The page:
This week, I had the pleasure of interviewing a local Scotts Valley resident who is an amateur winemaker. It’s always interesting to meet other home winemakers, because you can bounce ideas off each other and compare stylistic differences.
I met David Donofrio in the late afternoon to find out what has kept him dabbling in wine-making for 15 years. David, who has a degree in microbiology and worked in related fields for years, said, “Well, it beats stamp collecting!”
David makes about 200 gallons of wine in his home garage in stainless steel and oak. He also makes another 300 gallons for friends and clients, including an ex-49er superstar who must stay unnamed.
Some of the varietals he makes are tempranillo and chardonnay from Carneros, a sangiovese from Amador County and a zinfandel from Sonoma, among others. He is also a specialist when it comes to dessert wines.
David led me down a spiral staircase to his magnificent wine cellar to do some tasting. The walls in the cellar are jam-packed with bottles, and there is a plethora of cases strewn and stacked about a small hallway at the base of the staircase. Many of his awards sit impressively above his bottles on the near wall.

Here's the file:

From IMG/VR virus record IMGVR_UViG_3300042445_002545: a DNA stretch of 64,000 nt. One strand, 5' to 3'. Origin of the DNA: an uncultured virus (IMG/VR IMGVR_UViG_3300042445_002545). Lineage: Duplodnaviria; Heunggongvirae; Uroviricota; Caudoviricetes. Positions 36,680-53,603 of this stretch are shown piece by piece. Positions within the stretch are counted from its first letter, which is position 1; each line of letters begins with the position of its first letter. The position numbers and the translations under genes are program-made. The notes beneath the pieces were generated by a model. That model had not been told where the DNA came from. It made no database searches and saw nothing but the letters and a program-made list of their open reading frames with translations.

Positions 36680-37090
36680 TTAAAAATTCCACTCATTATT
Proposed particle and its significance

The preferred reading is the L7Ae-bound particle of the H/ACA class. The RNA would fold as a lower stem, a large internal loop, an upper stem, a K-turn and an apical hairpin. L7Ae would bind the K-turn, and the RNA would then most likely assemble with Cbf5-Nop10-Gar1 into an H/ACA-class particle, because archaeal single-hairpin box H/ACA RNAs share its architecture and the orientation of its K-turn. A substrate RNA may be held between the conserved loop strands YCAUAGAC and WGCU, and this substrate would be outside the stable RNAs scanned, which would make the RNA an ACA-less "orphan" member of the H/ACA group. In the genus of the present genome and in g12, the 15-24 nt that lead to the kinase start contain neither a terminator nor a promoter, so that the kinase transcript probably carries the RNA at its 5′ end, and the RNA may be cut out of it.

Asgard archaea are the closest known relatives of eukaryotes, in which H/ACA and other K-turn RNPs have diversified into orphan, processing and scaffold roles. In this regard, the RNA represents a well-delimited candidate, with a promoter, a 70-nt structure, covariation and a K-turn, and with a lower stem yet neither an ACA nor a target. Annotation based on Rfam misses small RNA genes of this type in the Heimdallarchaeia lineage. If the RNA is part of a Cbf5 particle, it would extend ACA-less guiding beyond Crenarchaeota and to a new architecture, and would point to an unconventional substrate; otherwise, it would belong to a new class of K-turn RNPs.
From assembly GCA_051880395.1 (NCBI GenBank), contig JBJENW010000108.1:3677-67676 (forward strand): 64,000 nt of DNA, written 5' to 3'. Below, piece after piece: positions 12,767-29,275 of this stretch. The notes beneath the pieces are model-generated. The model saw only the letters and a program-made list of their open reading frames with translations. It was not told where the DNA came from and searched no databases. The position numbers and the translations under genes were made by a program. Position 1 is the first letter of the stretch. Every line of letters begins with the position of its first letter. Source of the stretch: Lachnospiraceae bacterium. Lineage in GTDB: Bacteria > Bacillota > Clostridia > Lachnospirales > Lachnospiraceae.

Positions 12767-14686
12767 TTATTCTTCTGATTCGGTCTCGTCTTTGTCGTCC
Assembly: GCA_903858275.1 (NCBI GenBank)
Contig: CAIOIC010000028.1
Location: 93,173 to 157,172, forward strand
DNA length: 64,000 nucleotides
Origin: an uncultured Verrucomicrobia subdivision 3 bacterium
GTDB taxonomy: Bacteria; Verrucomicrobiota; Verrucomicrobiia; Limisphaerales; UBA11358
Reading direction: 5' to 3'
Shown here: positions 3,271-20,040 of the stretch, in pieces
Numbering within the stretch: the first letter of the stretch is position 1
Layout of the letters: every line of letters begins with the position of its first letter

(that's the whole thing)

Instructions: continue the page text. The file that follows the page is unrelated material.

David explained that he is of Italian descent and that his roots are largely in the Naples region. I’m sure his Italian heritage influenced his choice of sangiovese, as well as the label he chose for his wine: Deviante, which in Italian means “outside the boundaries.”
The first wine we tasted was his chardonnay, which is an acidic dream laced with touches of lemon peel and banana. He explained that he combines two batches of chardonnay to make the final product — one that gets some oak and goes through malolactic fermentation, and another that only gets stainless steel. The result is an unusually acidic and tropical chardonnay, one that is rarely found in California.
We also tasted his dessert Riesling that got “best in show,” and the dessert sauvignon blanc that got a double gold. The Riesling blows you away with its intensity and sweetness, and the sauvignon blanc is excellently balanced in acidity and residual sugar. My favorite actually ended up being the chardonnay — what can I say, I’m a sucker for acidity.
After the tasting, David generously gave me four bottles to take home, including a bottle of the chardonnay and sauvignon blanc.
He is quite right — wine-making sure beats stamp collecting. Cheers!
• Austin Twohig is a certified sommelier and partner in The Santa Cruz Experience, which conducts winery tours in the Santa Cruz Mountains. Contact him at [email protected].

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